An opinion has been requested concerning application of the Public Ethics Law, particularly §3-103(a) (Article 40A, §3-103(a) Annotated Code of Maryland, the Ethics Law), to an appointee to the University of Maryland Board of Regents whose private commodity supply business may have sales to the University.
This request is presented by an individual (the Appointee) who has been appointed by the Governor to serve on the University of Maryland Board of Regents. He is the President of a Maryland business that deals in contract hardware and industrial mill supplies. The Appointee indicates that his firm has two types of transactions with the State. First, based on specifications developed by architectural-engineering firms, the firm develops and submits bids to supply hardware (primarily for doors) to general contractors who in turn bid on general construction contracts with various State agencies, including the University. He states that his firm does not deal directly with the contracting agency, but negotiates separately with the prime contractor, sometimes after the general contract has been awarded.
In its contract hardware business, the firm is a commodity supplier only; it is not a service contractor. This is also true with regard to the second type of potential transaction between the firm and the University or other State agencies, that of sales of industrial mill supplies or tools. The Appointee indicates that these types of supplies are sold to State agencies through submission of prices in response to Request for Quotations (RFQ). Most of these transactions are thus through public competitive bidding and involve objective price quotations, though occasionally small sales may be made to various agencies that are authorized to procure items under a certain amount without competitive process.
The University of Maryland has substantial autonomy in the purchase of commodity items such as tools and mill supplies. The University does not have a single annual contract, and such items are purchased through purchasing units on individual campuses. Some tools are purchased by campus departments under a "blanket order" system, while larger purchases are made through the RFQ process. The Appointee indicates that his firm has in the past sold these types of supplies to the University as well as other State agencies.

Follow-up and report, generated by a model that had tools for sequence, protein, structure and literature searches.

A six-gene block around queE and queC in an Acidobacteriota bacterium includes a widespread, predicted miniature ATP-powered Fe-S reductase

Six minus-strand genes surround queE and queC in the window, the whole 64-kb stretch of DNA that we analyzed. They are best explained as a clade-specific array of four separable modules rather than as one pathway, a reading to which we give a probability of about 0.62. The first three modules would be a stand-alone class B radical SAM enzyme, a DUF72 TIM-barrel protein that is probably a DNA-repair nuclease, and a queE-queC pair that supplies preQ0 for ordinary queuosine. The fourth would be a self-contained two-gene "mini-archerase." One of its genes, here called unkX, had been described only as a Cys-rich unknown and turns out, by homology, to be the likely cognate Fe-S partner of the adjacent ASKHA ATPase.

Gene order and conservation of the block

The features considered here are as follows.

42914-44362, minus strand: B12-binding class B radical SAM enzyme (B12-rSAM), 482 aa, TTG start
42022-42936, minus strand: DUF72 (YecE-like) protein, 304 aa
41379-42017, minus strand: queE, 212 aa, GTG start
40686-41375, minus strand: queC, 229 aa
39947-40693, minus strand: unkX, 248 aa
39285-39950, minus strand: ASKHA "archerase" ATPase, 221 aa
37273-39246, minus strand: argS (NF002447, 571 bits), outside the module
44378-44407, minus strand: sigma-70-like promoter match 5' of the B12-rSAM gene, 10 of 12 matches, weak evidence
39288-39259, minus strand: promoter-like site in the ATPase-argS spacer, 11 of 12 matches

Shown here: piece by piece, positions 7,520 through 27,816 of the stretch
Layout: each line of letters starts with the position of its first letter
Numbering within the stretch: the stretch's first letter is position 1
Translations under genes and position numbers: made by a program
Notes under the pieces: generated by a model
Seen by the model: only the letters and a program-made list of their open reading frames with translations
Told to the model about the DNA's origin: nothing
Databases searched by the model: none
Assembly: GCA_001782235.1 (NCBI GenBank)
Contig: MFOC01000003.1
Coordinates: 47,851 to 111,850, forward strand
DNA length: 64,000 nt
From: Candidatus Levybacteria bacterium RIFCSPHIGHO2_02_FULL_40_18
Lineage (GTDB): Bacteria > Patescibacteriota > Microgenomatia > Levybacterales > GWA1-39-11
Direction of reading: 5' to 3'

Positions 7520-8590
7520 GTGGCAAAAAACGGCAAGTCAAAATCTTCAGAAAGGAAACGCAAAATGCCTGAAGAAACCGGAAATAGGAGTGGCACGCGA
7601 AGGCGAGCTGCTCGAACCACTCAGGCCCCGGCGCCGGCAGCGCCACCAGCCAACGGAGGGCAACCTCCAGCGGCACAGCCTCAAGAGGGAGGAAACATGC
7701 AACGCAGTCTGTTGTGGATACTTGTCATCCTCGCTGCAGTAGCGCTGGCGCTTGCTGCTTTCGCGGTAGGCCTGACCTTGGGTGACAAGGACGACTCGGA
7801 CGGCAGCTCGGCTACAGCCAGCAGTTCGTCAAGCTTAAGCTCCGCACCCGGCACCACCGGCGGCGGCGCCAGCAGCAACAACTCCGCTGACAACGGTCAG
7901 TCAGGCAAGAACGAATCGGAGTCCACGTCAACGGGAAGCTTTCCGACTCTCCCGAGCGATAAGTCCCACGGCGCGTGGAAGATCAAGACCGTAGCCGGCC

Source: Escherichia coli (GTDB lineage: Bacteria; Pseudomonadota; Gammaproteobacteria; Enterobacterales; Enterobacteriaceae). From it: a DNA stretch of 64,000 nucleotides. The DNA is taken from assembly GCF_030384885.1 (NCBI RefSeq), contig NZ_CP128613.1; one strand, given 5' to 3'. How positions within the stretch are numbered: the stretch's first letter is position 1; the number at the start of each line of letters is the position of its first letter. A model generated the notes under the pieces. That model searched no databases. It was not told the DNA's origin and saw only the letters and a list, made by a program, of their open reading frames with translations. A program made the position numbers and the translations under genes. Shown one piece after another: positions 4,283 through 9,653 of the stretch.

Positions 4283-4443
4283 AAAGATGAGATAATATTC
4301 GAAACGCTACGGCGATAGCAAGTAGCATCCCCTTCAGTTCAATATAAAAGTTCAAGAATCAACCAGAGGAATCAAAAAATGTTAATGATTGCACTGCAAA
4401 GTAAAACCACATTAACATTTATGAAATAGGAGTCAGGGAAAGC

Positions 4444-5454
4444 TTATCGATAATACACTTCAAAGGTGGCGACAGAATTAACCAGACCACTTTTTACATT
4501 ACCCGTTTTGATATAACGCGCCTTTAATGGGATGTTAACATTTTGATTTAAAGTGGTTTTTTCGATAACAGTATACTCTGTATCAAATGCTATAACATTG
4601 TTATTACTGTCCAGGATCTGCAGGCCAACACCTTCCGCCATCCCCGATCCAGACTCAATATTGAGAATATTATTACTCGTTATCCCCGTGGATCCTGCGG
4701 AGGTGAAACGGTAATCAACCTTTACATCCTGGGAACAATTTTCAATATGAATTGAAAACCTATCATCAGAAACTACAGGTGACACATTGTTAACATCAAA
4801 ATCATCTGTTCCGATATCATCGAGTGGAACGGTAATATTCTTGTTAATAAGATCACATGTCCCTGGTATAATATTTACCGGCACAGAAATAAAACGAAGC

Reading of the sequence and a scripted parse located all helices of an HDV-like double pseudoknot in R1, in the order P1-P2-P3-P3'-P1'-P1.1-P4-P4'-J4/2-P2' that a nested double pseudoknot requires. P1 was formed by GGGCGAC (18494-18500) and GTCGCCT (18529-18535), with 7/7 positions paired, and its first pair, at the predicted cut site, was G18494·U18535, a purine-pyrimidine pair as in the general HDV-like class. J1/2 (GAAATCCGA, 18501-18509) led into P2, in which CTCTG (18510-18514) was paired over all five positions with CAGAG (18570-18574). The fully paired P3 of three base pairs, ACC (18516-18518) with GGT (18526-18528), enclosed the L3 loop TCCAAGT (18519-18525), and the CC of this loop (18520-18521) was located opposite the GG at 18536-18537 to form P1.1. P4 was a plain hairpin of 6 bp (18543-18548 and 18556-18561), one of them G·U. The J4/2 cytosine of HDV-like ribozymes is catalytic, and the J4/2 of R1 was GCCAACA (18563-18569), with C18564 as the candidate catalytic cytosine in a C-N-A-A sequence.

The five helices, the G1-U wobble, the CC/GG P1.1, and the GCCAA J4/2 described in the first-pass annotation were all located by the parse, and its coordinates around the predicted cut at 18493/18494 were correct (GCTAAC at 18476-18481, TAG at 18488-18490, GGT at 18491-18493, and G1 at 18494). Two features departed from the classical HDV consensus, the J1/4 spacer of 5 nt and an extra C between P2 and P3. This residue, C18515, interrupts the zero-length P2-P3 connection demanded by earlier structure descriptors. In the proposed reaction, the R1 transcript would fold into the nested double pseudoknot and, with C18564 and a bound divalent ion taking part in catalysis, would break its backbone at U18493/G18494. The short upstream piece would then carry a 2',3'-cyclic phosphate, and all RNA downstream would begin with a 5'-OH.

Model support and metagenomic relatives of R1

The Appointee was nominated by the Governor in the winter of 1982 to serve on the University's Board of Regents. His appointment papers were forwarded to the Senate's Executive Nominations Committee on February 19, 1982, and his appointment was considered and confirmed by the Senate on March 25, 1982; he was expected to take office on the first Monday in June. Although the Appointee indicates that he notified the Governor's Office and University and Board of Regents officials of his business dealings with the State and with the University, he was not provided by the appointing authority with a copy of the Ethics Commission form for disclosure by appointees pursuant to §3-103(a)(2)(iii) of the Ethics Law. Thus, though the appointing authority appears to have been notified, however informally, of this potentially conflicting affiliation, it does not appear that disclosure was made to the Legislature in connection with its confirmation proceedings. Additionally, the disclosure was not public and was not made to the Ethics Commission.
The issue in this request is application of the provisions of §3-103(a) of the Ethics Law to the Appointee's service on the University of Maryland Board of Regents, in view of the contractual dealings of his private business with the University. Subsection (a)(1)(i) of this section prohibits an official or employee from having an interest in or being employed by an entity that has or is negotiating a contract with his agency. We believe that this prohibition applies in this situation, since the Board of Regents and the University must be viewed as the same agency for purposes of §3-103(a)(1)(i). We have generally viewed entities as single "indivisible" agencies except where there is a clear independence and separation of substantive responsibilities and lines of authority. See Opinions No. 80-11, 80-13, and 80-25. Though we have never expressly addressed the issue of whether the operational governing board of a college or university should be viewed as the same agency as the university, consistent with our prior considerations of this issue, we believe that common sense warrants a conclusion that the governing board is an "indivisible" part of the institution.